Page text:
WINCHESTER — Amy Thrower found some solace in the fact that a meatpacking plant being built in a town incorporated decades ago to keep industrial development at bay was "at the furthest point possible" from her family's home.
Thrower and her neighbors were surprised by the Muscogee (Creek) Nation's decision to build the nearly $10 million plant within the municipal boundaries of what was incorporated as a "restricted residential community" in Okmulgee County. The fourth-grade teacher was "shocked" when she looked out here window one morning and saw heavy equipment just across the fence line, preparing to build aerobic lagoons to treat wastewater from plant.
"We're all concerned — the creek, the water table, our water wells, and our cattle," Thrower said while surveying the lagoons, which crowd the west fence line of her family's 40 acres and a creek that cuts through the section. "I've looked up these aerobic lagoons, and they're not ideal. They're only to be used in rural isolated areas."
A spokesman for the Muscogee Nation said the "project's design reflects" the tribe's "utmost respect for our environment and the future of all Oklahomans." In a prepared statement, the tribe said all decisions related to plant construction and operation "were made in coordination with the Nation's Environmental Services Office to meet all compliance and regulatory conditions."
Bert Fisher, a geosciences consultant, said there are a number of potential risks associated with aerobic lagoons like those being built at the meatpacking plant. He said these lagoons are problematic because they are located within a floodplain by a creek with a history of flash flooding.
"But the real concern would be exposure to aerosols because pathogens can be transported long distances by the wind," Fisher said, referencing the bacterium and viruses released when solids are removed from the wastewater being treated. "The Throwers have their cattle, and there are certainly some diseases that can pass from animals to people — there is really a concern there, too."
Mayor Debbie Adkison said she and other residents of Winchester were unaware of the Muscogee Nation's plans to build the meatpacking plant until they read about it in a newspaper. Even then, she said, the size and scale of the 25,000-square-foot project was unknown.
The town hired a lawyer following a community meeting, during which residents expressed numerous concerns and uniform opposition. A virtual meeting soon followed, Adkison said, but it ended with "really no response to our concerns" or a resolution of any kind.
"A lot of the residents in our community are concerned about the nuisances — the smell — and we all have water wells," Adkison said. "When Winchester was incorporated, it was done to protect homeowners from industrial-type businesses from moving into this area. I would call that industrial."
Fisher said most operations like the meatpacking plant being built would use anaerobic lagoons. Those, he said, "are controlled largely by evaporation, and the biological processes that treat the water take place in this near-surface aerobic — that is with oxygen — and the subsurface anaerobic layer."
"There is no discharge or spray from those lagoons unless they fill up," Fisher said. "In these lagoons ... the wastewater is going to have solids screened out of it, but the balance of it — the water — will go to a forward bay where it is sprayed into the air and then passed into storage lagoons, where it will be bubbled or sprayed ... and then on a regular basis ... be land applied."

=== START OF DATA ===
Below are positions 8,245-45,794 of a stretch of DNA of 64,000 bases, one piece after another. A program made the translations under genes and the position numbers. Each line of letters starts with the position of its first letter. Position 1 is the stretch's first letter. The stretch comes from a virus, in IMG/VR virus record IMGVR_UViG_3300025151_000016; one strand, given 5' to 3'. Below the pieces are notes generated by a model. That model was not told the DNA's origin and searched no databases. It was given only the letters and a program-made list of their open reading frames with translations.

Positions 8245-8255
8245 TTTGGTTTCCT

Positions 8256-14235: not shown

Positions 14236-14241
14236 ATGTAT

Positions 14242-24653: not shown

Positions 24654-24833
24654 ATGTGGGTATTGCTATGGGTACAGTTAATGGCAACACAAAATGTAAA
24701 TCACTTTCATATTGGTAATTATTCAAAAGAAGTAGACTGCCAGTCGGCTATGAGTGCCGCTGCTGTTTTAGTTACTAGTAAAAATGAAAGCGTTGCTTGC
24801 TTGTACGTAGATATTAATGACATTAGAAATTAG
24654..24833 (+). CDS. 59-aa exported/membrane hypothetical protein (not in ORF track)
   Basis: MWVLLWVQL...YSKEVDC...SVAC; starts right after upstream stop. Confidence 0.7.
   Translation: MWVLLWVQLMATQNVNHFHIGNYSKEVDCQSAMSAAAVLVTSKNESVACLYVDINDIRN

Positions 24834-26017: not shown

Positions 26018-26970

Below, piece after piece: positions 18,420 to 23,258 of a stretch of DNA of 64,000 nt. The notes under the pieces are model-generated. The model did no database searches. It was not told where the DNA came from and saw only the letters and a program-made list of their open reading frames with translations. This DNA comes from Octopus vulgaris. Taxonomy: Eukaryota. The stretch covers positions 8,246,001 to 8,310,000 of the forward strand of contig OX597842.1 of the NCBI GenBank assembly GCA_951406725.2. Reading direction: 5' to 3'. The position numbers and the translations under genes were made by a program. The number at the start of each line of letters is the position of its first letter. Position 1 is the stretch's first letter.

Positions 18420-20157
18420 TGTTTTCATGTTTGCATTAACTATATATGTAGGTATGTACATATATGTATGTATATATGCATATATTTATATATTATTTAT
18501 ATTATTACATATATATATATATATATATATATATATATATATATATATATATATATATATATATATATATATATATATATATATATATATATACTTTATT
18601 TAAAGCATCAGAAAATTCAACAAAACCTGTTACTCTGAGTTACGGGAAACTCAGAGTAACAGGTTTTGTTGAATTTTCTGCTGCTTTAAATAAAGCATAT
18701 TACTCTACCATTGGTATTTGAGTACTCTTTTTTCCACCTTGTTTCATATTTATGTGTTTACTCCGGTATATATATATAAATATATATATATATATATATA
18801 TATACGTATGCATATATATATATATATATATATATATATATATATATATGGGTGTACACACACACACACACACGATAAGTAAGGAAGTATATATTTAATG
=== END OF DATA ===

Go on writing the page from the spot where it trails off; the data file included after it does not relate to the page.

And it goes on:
Thrower said she and her husband fear they will have to move the heifers and calves they keep near their home to other pastures due to the potential risks of disease. While they lease other pastureland, she said moving the livestock presents problems.
"This is where we troubleshoot — these are animals that are sick and need some ... doctoring," Thrower said, noting there were baby calves brought inside during the extreme winter weather in February and kept warm with a hair dryer. "They'll have a great big fence around the lagoons to keep out wildlife, but that's not going to keep out insects, it's not going to keep out birds and the small pests that can spread diseases to our livestock."
Adkison said MCN officials were aware of the town's zoning restrictions before they began construction this past fall, and they should be aware of flooding along the creek that in the past leveled the Thrower's pipe-and-cable fence and prompted a bridge replacement.
Fisher described the creek as "very flashy, and said floods occurring now "are bigger and more frequent because of a changing climate. We're getting wetter."
"In addition to providing an ongoing source of aerosol generation, those lagoons will be threatened by flooding from time to time, Fisher said. "There is about six and a half square miles of watershed above that lagoon area. Whether those lagoons will withstand that, I do not know."
In response to the community's concerns, the tribe issued a statement noting its efforts "to be good neighbors." MCN officials said concerns expressed during the meeting with Winchester residents and their representatives were taken seriously.
"During the meeting, our experts provided information and illustrated features and decisions that were made in coordination with the Nation's Environmental Services Office to meet all compliance and regulatory conditions," MCN officials said. "Despite our efforts, it seems as though we were unable to assuage their concerns ... We have the utmost respect for our environment and the future of all Oklahomans. This project's design reflects that, and we stand behind its quality."